We spent the day in Antwerp seeing the sights and walking the old streets. Like most European cities, the main attractions center around the main old-market square where the city hall, church, and shopping buildings lie. After spending the day roaming the streets, we headed back to Diest for another delicious meal. Following dinner, a dip in the pool and some dessert put me in the mood for some sleep, and I headed to bed to prepare for another day of sightseeing on Saturday. Plans for a long bike ride in the morning around Diest and the neighboring villages gave me motivation to catch up on as much sleep as possible.

Countryside of Belgium

Saturday morning, as planned, I devoured another delicious meal and headed out on a 20-mile bike ride with Bert. We toured through Diest and some of the main attractions there including the Begeinhof, a neighborhood within the city for woman devoting their life to the catholic church. Though they are not nuns, their lifestyle follows very closely to being one, committing years of service to God and the Church.

We continued our ride into the countryside and to several other churches in the region. Religion is a predominant part of world history, but in Europe, the Catholic/Protestant history has completely shaped the boundaries between most countries today. Even within a country like Belgium, this is very prevalent throughout the countryside as well, where religion may change drastically from village to village. Following our bike ride we came home to a delicious lunch and a relaxing afternoon around the pool before preparing for our drive to Leuven, a city halfway between Brussels and Diest where we planned to have dinner as a group.

Headquarters of the European Union

Leuven is a university town, and just like university towns in the States, the population of the city is quite young. Lise, the daughter of my parent’s friends, studies here and she showed our group around for an hour or so before we sat down for dinner in the city. Following dinner we roamed around for a bit more before heading back to Diest for the evening.

The following two days were spent touring even more of Belgium (by the end of these five days I had seen what the family described as “all of the important places in Belgium”). On Sunday I traveled to Brussels with Bert and Martine where we toured the city and saw some of the government and royalty buildings along the way. Brussels is also the capital of the European Union, so we stopped by the headquarters to see where all of the important decisions regarding the EU are made. I imagine they’re quite busy right now with Greece and all…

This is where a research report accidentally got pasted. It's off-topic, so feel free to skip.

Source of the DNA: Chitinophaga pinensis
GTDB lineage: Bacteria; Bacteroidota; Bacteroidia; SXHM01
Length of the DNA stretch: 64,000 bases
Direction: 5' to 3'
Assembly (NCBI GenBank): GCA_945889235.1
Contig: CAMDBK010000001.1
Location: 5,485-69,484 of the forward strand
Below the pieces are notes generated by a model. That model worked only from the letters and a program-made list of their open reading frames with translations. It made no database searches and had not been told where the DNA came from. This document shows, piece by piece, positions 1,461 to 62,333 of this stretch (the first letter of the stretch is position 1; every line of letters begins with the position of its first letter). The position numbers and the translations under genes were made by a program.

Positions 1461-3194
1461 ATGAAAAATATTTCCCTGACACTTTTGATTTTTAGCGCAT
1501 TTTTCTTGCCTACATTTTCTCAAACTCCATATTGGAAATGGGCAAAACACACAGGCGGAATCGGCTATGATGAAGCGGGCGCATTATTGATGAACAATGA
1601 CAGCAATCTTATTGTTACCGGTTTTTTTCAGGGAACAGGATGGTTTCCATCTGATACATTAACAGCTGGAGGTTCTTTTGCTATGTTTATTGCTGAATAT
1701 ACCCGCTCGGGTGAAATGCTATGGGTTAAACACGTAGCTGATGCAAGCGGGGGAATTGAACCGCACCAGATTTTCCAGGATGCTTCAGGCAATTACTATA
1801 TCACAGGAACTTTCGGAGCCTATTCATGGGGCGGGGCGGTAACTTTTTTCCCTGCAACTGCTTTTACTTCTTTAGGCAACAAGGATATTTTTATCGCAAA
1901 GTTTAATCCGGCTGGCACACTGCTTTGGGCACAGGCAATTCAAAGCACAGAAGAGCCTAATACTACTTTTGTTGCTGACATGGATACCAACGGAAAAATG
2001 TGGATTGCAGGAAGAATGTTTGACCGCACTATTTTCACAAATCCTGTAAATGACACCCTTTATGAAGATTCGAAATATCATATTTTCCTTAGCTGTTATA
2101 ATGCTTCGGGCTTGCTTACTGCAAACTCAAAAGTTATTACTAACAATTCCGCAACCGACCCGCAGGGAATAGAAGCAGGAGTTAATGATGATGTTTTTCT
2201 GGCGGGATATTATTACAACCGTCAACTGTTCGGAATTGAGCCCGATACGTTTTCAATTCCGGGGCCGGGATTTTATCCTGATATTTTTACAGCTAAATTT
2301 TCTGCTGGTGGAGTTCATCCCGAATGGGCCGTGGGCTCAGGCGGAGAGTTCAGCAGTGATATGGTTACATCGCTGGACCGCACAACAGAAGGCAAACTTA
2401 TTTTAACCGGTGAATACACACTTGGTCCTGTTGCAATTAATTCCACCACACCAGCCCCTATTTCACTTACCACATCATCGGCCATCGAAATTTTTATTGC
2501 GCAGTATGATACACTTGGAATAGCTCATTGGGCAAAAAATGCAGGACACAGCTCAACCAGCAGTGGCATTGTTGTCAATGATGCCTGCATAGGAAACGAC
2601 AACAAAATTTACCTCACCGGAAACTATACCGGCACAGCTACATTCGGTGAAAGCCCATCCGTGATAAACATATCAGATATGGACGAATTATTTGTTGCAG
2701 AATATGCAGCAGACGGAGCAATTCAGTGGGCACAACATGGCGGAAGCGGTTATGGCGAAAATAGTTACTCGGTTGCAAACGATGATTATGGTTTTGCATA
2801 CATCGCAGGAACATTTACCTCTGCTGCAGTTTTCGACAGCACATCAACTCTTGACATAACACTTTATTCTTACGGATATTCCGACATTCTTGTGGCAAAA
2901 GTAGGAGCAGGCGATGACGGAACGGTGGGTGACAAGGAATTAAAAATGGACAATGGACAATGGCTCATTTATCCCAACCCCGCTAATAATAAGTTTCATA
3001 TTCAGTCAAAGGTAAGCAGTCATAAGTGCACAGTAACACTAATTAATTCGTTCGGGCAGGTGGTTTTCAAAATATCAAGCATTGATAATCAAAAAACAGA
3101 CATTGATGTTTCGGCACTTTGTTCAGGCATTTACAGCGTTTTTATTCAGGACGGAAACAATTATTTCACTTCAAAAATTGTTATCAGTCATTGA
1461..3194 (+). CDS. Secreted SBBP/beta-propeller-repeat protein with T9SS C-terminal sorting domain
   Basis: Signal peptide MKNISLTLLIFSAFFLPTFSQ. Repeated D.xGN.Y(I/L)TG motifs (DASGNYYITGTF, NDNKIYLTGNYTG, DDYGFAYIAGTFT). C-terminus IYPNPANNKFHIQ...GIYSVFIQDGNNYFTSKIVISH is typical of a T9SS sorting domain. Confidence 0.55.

Monday I traveled again with Lise to Bruge and Ghent, two cities north of Brussels that are capable of being seen within the same day. Bruge is a very touristy city for the more “artsy” folks of the world. I like art and all, but I found it to be a bit too busy for my liking.

Ghent's canals

Ghent on the other hand was fantastic. A city filled with canals and beautiful churches around every corner,  I really enjoyed the few hours that we spent exploring the town. It’s bit smaller than some of the other cities we’d visited, and still a very manageable city to walk.

After arriving back in Diest, I enjoyed one last meal with Bert, Martine, List, and Tim (their son who’s been busy studying for university exams during my visit), along with Martine’s sister and her two daughters. We talked about lots of things including my travels and the time that Lise and her cousin Caro spent in Thailand (where I’ll be heading in October). There was also a lot of Dutch being spoken, which I’ve started to pick up a little bit of here-and-there. Languages are great to be exposed to especially when you don’t necessarily understand what is being said. It forces you to listen and watch for other forms of communication that we rarely even pay attention to like hand gestures, tone, and inflection in different words. It was common for me to pick out one or two words from within a conversation, and then based on context clues, hand gestures and the inflection in their voices I could understand relatively what they were saying.

I’ll be leaving Belgium today (Tuesday) and heading to Cologne, Germany for a couple of days before coming back into the Dutch side of things in the Netherlands where I’ll spend the weekend with a friend from Madison who has relocated to ‘s Hertogenbosch for work (with my former company).